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J Thorac Oncol. 2011 Mar;6(3):451-8. doi: 10.1097/JTO.0b013e31820517a3.

Suitability of thoracic cytology for new therapeutic paradigms in non-small cell lung carcinoma: high accuracy of tumor subtyping and feasibility of EGFR and KRAS molecular testing.

Author information

  • 1Department of Pathology, Memorial Sloan-Kettering Cancer Center, New York City, New York 10065, USA. rekhtman@mskcc.org

Abstract

INTRODUCTION:

The two essential requirements for pathologic specimens in the era of personalized therapies for non-small cell lung carcinoma (NSCLC) are accurate subtyping as adenocarcinoma (ADC) versus squamous cell carcinoma (SqCC) and suitability for EGFR and KRAS molecular testing. The aim of this study was to comprehensively review the performance of cytologic specimens for the above two goals in a high-volume clinical practice.

METHODS:

Subtyping of primary lung carcinomas by preoperative cytology was correlated with subsequent resection diagnoses during a 1-year period (n = 192). The contribution of various clinicopathologic parameters to subtyping accuracy and utilization of immunohistochemistry (IHC) for NSCLC subtyping were analyzed. In addition, the performance of cytologic specimens submitted for EGFR/KRAS molecular testing during a 1-year period (n = 128) was reviewed.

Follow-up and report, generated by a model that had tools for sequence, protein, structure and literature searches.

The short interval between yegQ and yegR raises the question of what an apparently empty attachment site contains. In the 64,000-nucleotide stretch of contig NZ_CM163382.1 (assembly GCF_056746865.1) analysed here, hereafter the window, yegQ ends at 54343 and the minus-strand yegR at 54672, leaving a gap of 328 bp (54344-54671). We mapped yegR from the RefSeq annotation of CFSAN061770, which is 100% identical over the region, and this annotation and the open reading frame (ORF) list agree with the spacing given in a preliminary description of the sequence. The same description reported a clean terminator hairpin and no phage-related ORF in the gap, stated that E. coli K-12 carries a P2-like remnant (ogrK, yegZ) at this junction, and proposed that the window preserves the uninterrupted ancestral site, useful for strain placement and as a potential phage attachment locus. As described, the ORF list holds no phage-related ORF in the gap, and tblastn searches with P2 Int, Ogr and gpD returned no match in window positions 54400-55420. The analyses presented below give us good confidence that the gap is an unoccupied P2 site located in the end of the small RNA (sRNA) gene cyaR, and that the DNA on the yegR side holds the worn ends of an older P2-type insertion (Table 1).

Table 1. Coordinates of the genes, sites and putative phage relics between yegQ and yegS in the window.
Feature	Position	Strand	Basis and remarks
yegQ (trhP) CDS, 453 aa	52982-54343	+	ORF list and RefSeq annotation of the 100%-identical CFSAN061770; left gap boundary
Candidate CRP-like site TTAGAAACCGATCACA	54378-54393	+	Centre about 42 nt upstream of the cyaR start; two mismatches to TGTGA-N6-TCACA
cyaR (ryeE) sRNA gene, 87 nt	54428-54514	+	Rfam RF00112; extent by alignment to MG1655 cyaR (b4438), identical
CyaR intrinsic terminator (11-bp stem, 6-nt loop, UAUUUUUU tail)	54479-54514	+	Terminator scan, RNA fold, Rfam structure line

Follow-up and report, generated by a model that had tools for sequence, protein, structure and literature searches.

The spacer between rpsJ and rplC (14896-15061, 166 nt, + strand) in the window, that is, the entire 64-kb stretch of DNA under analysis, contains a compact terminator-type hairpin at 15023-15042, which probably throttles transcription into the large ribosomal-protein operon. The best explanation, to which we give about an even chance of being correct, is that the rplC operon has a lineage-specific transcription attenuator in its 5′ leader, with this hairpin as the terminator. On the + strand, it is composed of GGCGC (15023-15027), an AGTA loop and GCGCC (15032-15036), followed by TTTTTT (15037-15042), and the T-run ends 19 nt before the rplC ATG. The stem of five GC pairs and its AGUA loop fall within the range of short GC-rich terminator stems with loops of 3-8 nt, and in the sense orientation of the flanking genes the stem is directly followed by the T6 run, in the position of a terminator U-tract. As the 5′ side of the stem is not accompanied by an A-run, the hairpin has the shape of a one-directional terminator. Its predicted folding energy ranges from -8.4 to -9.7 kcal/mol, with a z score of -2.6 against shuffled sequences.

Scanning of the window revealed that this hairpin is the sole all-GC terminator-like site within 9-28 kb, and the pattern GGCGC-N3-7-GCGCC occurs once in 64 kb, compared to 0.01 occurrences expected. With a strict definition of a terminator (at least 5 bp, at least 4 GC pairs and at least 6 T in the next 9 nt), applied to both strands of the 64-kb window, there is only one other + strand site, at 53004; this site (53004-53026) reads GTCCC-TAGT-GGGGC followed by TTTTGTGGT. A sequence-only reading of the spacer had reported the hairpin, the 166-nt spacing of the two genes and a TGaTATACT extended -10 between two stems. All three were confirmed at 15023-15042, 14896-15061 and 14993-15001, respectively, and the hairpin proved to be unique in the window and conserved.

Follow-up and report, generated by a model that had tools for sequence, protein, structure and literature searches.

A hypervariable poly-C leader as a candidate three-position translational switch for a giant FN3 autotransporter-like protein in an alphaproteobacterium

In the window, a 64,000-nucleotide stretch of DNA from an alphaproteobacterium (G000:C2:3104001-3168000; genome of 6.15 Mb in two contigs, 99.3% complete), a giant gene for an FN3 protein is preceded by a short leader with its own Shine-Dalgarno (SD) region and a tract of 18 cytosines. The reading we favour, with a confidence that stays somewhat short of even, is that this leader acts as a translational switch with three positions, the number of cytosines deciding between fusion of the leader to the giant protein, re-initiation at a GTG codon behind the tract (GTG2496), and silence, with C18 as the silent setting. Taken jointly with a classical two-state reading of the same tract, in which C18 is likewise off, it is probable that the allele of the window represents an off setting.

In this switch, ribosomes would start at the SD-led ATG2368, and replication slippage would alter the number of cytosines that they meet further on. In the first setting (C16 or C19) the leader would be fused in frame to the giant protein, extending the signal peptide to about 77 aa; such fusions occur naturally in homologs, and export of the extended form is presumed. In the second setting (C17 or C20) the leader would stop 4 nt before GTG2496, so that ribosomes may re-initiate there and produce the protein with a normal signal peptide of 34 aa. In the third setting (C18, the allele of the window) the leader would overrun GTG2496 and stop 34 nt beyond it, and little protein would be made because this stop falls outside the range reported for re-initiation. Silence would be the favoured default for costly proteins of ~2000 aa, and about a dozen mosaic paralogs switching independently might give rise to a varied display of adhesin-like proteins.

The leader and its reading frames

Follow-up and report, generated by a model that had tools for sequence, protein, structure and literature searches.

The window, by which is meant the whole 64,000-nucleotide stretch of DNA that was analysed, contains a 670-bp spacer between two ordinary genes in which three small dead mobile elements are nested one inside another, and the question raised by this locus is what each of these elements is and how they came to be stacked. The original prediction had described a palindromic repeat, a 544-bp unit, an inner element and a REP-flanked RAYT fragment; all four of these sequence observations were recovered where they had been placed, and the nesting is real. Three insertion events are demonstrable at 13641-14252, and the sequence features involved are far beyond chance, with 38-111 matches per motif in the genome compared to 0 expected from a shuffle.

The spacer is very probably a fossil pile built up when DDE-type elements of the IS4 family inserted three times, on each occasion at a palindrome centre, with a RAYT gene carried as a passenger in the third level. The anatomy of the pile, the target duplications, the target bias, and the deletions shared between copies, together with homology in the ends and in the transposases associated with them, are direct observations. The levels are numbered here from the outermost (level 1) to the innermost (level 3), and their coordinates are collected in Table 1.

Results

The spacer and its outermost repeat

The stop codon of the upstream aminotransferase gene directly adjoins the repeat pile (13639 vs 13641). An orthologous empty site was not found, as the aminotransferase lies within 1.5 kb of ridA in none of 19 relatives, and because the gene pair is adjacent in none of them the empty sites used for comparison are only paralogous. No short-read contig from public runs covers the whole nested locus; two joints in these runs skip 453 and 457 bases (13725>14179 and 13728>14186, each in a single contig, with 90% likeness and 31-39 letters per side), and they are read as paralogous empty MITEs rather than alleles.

RESULTS:

Of the 192 preoperative cytology diagnoses, tumor subtype was definitive versus favored versus unclassified in 169 (88%) versus 15 (8%) versus 8 (4%) cases, respectively. Overall accuracy of cytologic tumor subtyping (concordance with histology) was 93% and accuracy of definitive diagnoses 96%. For a group of patients with ADC and SqCC (n = 165), the rate of unclassified cytologic diagnoses was 3% and overall accuracy 96%. IHC was used for subtyping of 9% of those cases, yielding 100% accuracy. The strongest predictors of difficulty in subtyping of ADC and SqCC were poor differentiation (p = 0.0004), low specimen cellularity (p = 0.019), and squamous histology (p = 0.003). Of 128 cytologic specimens submitted for molecular testing, 126 (98%) were suitable for analysis, revealing EGFR and KRAS mutations in 31 (25%) and 25 (20%) cases, respectively.

CONCLUSIONS:

Cytologic subtyping of NSCLC is feasible and accurate, particularly when morphologic assessment is combined with IHC. Furthermore, routine cytologic specimens can be successfully used for EGFR/KRAS mutation analysis. Our data strongly support the suitability of cytologic specimens for the new therapeutic paradigms in NSCLC.

PMID:
21266922
[PubMed - indexed for MEDLINE]
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